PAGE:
Food writer Michael Pollan wrote in the New York Times yesterday that he needs the public’s help. He is gathering rules on eating well and wants people from all different cultures to contribute. Finally, grandmothers all over the world can pipe up – Michael is listening.
He says: “In recent years we’ve deferred to the voices of science and industry when it comes to eating, yet often their advice has served us poorly”. He recalls how his own Russian-Jewish grandfather used to say you should leave the table a little bit hungry. Strangely enough this is a tale my dad tells of his own grandfather – a Cornish farmer born at the end of the Victorian era.
Apparently Russian-Jewish food wisdom is not the only connection Cornwall has with more exotic cultures. Popping home the other weekend I was astonished to find Brindisa raw chorizo in a gorgeous little deli called The Digey in St Ives. I’d visited Borough Market only the week before to source the stuff, thinking what an advantage it is to now live in the capital as opposed to the Cornish outback. I was wrong.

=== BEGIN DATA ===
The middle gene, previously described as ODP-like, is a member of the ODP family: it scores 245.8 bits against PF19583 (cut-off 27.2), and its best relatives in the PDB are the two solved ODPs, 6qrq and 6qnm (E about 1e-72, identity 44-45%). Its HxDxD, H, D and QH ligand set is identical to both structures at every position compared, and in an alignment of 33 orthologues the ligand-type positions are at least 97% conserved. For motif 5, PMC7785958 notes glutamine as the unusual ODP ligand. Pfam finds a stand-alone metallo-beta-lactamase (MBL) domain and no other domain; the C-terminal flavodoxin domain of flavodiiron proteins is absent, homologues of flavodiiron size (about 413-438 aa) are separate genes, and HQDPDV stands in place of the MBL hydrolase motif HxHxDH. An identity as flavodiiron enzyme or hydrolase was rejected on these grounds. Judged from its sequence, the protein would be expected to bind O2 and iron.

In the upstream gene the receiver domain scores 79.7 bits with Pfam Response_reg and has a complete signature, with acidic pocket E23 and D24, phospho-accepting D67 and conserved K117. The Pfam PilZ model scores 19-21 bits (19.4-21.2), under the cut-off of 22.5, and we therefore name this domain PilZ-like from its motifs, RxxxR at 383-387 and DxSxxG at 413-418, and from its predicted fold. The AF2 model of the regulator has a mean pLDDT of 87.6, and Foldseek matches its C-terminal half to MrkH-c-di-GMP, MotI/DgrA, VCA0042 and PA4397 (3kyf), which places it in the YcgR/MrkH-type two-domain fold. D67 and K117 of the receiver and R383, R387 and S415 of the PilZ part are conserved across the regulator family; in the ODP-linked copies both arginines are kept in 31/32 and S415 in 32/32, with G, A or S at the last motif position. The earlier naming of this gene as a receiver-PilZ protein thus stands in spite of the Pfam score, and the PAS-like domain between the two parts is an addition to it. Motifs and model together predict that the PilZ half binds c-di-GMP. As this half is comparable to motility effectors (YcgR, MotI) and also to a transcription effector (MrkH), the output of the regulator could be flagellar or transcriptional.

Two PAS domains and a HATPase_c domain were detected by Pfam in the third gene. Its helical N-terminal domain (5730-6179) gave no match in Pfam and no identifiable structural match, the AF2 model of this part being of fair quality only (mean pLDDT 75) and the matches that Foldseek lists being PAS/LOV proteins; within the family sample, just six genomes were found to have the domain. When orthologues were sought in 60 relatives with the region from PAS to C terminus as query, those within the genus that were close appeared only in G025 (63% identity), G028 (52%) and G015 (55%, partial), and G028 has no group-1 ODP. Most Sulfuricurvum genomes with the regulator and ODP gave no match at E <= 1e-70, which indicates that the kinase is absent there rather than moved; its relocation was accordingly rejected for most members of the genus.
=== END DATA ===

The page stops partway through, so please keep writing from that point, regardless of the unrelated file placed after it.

Six chorizo sausages cost around £5, but I froze them in pairs to make them last. One recipe I made up worked particularly well. It involves using a Delia cheat ingredient, which I’m not terribly proud of, but needs must.
1 Jus-Roll pastry case (Sainsbury’s chiller cabinet), baked blind
2 chorizo sausages, chopped into coins
A few baby leeks
1/2 an onion
grated cheddar cheese
Just fry the onion and leeks in some olive oil until they’re nicely caramelised, adding the chorizo towards the end so it just cooks through. Spoon into the bottom of the pre-cooked pastry case. Beat together the eggs and creme fraiche. Season and pour over the chorizo mixture. Finally sprinkle grated cheese over the top and bake at 190 degrees C (375 degrees f) Mark 5 for about 30 minutes or until golden.
Finally, eat until a little bit (just the tiniest bit) hungry.